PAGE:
According to a recent study, airplanes might start to pump less oxygen to their cabins in effort to help passengers cope with jet lag.
Humans in New York City are employing a natural – if not tame – ally in the fight against rats: cats.
For the second year in a row, sexually transmitted disease cases have risen in the United States, the Center for Disease Control revealed in its annual Sexually Transmitted Disease Surveillance report this week. The continuing spike follows years of declines, some dramatic.
A new study provides evidence that nanoparticles may be able to stop breast cancer in its tracks.
As dashcams mysteriously fail and America's thin blue line coils protectively around itself, Chicago nonprofit the Lucy Parsons Labs has created a new, interactive website to make it easier for Chicago residents to file complaints against police officers.
Who will be the next president of the United States - Hillary Clinton or Donald Trump? Let’s see what the stars predict. Astrological charts by Barbara Abramo say that on Election Day, November 8, there are many surprises in store for us!
Samsung's flagship Galaxy Note7 was supposed to strengthen positions of the Korean smartphone producer in the global market. However, the numerous cases of exploding smartphones which lead to serious injuries undermined the credibility of the brand and forced the company to recall the gadgets.
Argentina and Brazil are Latin America’s leading space-going countries, but Peru, Venezuela and Mexico are already breathing down their necks. Sputnik discussed this issue with Gustavo Henríquez director of the PerúSat-1 program that allowed Peru to orbit its first observation satellite.
The West has gone even further in its routine attempts to present Putin as "evil" and blame him for every possible sin. For instance, German radio station Deutschlandradio Kultur found it necessary to explain to its young listeners who Mr. P. is and what "bad things" Russia has done.
More than 1,200 people have come to the concert of Russian saxophone virtuoso Igor Butman and his Moscow Jazz Orchestra in Washington DC on Friday.
Bicycles and motorbikes have gained popularity in Iran after the launch of the project “Tuesday without cars” which aims at minimizing the use of cars on Tuesday and encourages people to bike instead. Recently the government approved providing people loans for purchasing bicycles.
A team of University of Cincinnati students has assembled a working prototype of the Hyperloop train on a magnetic cushion. They managed to lift a 4-meter-long model of a transport capsule making it float above the ground by more than half a centimeter using the magnetic levitation of eight hover engines.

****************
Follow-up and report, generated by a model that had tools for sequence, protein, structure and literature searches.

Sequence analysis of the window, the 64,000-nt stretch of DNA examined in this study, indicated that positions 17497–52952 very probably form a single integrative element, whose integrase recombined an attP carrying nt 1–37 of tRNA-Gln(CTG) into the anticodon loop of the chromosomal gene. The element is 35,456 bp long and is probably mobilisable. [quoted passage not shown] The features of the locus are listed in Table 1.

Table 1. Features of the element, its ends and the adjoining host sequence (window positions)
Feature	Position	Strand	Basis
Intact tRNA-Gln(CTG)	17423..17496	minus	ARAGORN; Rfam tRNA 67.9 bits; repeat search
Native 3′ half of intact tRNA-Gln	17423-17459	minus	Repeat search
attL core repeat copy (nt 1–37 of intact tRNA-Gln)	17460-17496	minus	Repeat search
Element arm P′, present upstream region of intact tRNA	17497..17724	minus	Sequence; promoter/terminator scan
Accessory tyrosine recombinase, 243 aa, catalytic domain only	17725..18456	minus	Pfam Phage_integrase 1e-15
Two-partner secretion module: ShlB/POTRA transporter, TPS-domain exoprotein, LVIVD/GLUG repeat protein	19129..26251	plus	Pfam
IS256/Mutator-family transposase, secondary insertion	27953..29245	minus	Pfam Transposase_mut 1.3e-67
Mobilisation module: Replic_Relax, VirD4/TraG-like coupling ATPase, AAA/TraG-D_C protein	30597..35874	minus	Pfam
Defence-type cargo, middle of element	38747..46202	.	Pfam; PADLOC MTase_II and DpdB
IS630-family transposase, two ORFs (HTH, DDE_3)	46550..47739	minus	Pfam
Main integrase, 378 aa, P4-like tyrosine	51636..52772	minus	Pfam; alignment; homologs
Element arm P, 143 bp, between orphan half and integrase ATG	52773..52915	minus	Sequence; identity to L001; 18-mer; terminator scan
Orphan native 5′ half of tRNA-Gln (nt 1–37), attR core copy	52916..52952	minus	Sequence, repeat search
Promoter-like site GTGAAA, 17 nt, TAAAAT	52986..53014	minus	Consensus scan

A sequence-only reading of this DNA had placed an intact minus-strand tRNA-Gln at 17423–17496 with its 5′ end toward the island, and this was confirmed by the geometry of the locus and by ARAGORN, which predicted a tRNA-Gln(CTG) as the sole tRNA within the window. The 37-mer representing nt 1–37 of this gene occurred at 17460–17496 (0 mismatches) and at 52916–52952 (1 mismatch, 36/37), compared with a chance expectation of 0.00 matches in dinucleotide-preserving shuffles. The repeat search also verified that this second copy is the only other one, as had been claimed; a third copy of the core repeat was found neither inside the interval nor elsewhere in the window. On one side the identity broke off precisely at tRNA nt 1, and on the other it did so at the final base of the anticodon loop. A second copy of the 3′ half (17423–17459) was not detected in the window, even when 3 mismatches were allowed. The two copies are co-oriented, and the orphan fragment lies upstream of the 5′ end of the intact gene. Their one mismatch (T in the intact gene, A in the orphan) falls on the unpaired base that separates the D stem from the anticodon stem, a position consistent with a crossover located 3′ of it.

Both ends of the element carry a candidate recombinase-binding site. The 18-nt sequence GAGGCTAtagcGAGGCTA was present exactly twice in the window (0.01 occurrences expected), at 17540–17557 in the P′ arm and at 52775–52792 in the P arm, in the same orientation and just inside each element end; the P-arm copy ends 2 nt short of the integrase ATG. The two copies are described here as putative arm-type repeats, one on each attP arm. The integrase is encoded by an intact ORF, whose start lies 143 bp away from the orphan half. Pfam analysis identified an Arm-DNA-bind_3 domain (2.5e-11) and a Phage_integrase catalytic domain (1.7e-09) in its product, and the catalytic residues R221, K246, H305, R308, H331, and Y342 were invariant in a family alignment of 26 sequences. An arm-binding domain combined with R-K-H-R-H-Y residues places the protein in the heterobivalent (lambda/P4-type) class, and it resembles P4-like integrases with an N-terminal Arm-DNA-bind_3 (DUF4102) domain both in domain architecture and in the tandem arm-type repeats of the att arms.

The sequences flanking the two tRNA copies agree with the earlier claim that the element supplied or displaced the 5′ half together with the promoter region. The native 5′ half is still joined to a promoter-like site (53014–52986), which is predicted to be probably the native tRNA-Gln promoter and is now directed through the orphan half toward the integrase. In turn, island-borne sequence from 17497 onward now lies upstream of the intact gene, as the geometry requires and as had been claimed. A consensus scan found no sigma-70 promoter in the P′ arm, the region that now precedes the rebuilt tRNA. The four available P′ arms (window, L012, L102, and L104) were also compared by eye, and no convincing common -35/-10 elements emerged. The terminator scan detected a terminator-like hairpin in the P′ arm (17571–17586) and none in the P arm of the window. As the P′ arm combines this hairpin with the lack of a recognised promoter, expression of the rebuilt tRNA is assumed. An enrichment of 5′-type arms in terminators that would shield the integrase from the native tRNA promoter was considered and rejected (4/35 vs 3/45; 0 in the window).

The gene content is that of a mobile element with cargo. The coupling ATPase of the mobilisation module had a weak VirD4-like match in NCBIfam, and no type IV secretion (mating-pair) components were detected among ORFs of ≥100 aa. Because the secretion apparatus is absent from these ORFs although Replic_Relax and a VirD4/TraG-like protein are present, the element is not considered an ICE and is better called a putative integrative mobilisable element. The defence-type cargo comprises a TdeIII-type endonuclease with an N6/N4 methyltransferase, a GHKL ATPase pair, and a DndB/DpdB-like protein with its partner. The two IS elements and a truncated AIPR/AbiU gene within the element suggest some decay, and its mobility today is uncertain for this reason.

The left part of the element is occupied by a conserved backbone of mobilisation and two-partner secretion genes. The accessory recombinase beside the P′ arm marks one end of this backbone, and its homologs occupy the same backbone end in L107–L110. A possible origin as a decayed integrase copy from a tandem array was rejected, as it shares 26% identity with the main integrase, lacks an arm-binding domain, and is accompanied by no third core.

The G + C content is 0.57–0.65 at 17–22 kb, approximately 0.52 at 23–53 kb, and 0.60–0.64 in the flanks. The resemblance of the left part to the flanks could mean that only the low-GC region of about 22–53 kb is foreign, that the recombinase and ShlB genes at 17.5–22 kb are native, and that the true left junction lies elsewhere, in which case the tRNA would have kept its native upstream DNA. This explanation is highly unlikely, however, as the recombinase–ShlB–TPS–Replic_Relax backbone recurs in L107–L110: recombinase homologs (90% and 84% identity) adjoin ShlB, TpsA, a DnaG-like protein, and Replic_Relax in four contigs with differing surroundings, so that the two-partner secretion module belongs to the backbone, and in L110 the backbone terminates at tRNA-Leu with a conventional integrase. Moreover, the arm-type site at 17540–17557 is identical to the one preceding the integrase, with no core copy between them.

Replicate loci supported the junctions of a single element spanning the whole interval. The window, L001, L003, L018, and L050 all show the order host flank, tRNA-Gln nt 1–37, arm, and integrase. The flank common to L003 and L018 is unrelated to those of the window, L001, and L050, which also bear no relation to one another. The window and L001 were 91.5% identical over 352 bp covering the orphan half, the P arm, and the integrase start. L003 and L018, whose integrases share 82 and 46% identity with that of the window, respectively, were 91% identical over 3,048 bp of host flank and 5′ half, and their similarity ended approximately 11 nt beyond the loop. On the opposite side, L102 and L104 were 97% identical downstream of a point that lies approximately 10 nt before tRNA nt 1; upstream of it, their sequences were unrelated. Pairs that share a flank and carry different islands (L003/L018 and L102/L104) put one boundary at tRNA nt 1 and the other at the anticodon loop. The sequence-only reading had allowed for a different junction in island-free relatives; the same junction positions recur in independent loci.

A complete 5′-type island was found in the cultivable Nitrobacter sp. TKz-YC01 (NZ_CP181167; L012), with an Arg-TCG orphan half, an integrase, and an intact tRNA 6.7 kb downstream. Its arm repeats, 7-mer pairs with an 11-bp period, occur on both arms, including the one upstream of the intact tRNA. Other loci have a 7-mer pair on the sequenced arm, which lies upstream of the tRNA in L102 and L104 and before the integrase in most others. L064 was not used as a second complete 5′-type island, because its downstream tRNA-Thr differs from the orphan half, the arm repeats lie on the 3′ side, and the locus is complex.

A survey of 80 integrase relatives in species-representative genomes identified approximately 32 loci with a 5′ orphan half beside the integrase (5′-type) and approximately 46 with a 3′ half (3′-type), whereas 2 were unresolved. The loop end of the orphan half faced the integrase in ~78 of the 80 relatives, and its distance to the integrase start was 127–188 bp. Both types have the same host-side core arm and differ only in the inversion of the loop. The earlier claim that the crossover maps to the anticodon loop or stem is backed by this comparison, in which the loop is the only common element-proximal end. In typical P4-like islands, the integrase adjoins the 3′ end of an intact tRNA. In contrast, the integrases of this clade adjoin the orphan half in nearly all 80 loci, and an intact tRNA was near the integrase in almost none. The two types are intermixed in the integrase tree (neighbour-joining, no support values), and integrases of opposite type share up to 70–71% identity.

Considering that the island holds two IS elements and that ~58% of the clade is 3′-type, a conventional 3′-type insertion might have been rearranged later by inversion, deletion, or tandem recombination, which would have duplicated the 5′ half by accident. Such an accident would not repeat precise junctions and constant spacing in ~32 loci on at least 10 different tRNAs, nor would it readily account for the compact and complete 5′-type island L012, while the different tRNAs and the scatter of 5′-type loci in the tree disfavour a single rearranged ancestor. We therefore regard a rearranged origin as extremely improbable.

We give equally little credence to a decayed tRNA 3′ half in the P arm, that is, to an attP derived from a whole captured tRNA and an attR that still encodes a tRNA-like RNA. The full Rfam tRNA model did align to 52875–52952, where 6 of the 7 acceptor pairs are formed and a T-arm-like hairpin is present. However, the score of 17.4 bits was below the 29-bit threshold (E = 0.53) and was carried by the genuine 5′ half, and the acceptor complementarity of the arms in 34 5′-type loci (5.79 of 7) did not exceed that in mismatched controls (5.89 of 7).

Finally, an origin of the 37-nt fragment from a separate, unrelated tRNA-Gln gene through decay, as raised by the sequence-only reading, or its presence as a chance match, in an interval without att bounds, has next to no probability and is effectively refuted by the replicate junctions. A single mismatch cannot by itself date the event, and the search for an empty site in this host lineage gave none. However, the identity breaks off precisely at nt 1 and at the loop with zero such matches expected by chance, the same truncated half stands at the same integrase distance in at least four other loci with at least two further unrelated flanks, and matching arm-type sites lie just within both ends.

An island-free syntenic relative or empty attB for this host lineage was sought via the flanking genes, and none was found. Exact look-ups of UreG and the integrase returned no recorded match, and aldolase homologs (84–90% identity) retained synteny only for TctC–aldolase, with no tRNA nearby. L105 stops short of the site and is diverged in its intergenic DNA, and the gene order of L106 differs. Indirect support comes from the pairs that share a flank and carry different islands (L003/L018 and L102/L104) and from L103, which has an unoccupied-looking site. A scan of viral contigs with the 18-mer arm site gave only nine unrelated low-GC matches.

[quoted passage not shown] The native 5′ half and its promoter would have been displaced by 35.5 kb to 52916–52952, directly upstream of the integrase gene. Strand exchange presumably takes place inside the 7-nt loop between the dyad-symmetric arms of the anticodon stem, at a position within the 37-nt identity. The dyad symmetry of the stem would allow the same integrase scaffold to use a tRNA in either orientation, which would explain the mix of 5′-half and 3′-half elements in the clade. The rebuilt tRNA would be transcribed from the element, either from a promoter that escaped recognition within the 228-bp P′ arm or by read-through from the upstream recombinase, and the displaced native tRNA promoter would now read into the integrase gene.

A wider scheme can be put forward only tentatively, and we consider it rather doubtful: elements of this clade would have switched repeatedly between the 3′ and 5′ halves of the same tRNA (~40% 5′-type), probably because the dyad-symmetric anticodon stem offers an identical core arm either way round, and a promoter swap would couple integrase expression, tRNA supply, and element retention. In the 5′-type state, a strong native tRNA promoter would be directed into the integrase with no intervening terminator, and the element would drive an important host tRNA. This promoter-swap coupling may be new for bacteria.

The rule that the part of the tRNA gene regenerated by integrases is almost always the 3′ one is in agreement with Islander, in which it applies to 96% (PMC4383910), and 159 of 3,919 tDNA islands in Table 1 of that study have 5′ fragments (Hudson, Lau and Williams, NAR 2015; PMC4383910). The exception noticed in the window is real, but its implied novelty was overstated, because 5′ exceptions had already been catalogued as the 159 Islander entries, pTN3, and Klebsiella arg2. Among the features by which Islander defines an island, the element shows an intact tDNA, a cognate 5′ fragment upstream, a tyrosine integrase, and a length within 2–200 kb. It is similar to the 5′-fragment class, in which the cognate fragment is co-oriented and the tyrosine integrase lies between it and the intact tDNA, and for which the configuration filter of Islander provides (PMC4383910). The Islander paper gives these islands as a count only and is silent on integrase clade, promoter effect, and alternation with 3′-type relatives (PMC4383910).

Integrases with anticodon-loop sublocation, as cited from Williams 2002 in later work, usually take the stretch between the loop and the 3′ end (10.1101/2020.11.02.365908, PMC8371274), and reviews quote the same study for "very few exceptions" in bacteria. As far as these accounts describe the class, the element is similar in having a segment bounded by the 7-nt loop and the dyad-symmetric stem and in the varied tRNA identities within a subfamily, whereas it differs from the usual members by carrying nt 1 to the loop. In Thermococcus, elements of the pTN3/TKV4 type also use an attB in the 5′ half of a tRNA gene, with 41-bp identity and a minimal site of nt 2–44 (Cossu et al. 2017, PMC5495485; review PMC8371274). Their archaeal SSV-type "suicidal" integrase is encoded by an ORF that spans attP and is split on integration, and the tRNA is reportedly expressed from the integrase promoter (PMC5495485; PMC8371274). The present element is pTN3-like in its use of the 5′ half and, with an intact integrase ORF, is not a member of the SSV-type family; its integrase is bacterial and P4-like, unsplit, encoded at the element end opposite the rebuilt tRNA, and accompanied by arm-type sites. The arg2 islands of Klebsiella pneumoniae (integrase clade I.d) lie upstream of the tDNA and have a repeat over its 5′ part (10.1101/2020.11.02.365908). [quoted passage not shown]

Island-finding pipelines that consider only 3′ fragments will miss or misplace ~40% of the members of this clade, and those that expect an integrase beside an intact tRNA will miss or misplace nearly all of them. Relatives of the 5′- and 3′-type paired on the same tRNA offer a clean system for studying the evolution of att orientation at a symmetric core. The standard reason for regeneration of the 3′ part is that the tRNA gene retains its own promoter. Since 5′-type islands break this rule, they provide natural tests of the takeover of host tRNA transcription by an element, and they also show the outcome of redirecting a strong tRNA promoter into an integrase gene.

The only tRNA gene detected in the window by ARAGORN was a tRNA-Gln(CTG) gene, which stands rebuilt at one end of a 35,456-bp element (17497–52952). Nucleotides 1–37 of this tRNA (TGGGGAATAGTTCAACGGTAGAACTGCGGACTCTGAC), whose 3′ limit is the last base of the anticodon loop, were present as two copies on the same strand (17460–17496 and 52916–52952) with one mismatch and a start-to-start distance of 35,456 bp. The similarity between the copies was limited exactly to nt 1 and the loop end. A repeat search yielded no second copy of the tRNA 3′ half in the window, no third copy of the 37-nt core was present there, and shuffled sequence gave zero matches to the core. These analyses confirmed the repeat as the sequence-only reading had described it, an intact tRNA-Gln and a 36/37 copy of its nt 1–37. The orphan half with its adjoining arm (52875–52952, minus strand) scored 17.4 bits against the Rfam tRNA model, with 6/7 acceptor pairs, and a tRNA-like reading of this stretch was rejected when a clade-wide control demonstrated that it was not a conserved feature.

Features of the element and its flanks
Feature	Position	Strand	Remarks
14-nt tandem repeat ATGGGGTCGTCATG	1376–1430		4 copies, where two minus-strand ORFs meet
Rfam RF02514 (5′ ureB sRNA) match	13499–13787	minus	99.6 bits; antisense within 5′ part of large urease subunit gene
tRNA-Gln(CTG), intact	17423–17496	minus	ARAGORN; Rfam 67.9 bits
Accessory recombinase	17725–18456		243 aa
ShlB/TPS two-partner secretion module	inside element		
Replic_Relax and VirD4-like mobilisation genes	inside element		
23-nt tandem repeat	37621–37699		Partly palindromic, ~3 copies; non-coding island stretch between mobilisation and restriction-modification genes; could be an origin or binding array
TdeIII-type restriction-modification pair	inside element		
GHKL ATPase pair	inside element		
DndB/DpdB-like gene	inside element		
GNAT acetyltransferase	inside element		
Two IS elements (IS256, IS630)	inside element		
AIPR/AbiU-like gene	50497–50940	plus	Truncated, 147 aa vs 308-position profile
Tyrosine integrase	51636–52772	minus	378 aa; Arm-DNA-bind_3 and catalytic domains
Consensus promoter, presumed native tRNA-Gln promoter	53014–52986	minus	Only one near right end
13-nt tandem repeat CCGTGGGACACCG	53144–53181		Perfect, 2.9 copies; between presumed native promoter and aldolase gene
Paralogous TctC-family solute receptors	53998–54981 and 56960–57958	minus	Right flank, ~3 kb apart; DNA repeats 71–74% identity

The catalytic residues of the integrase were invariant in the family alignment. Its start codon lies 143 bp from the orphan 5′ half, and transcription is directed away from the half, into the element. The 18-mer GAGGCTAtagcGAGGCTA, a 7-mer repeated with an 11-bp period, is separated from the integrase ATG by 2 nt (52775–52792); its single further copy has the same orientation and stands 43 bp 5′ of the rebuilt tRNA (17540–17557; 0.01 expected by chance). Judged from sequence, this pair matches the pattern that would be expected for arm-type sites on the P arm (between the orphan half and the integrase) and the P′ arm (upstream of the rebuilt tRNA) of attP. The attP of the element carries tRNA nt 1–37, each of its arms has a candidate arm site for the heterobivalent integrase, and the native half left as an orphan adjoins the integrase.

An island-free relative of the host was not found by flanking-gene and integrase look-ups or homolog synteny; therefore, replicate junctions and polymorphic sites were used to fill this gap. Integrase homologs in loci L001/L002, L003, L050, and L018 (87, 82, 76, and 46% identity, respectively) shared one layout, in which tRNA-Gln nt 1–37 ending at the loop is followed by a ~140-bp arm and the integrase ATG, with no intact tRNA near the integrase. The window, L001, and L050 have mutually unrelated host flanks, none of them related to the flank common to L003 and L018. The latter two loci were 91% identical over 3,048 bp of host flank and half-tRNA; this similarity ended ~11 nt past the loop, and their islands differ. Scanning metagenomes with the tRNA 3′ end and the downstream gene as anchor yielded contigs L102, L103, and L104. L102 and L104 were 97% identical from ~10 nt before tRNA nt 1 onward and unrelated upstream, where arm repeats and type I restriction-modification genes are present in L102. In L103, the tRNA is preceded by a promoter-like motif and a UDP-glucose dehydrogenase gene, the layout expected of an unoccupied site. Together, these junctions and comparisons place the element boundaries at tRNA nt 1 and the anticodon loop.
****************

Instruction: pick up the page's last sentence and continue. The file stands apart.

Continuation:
Next year, the residents of Banstol, a small town in Serbia, will have built a new church which, though officially dedicated to Mary Magdalene, is actually being built in honor of Russian President Vladimir Putin, Sputnik Serbia reported.
Russian paratroopers are now able to set up video links between themselves and even can hold secret videoconferences involving dozens of participants thousands of kilometers apart by using a dedicated messenger service successfully tested during the Caucasus-2016 military exercise earlier this year, Izvestia reported.
Over the holidays, scientists and robotics experts will gather in London to discuss how humans will incorporate artificial intelligence into their sex lives.
Car sharing applications like Uber and Lyft have become common choices for alternative transportation, but as more people flock to urban centers and rush hour becomes more unbearable for commuters, French aircraft manufacturer Airbus has taken the solution off the roads and into the skies.
In the quest to hunt down planets beyond our Solar System, astrophysicists have gotten some help from amateur astronomical sleuths.
Don’t try to play hide-and-seek with this supercool technology: you will definitely lose the game. The world's most accurate face recognition technology launched by Russian start-up NTechLab in early 2016 now enters the international market and is ready to take over the world.
BlackBerry and Snapchat scored just 20 and 26 respectively on a scale of 100 in a test of encryption methods used to protect privacy, according to a report by the human rights group Amnesty International on Friday.
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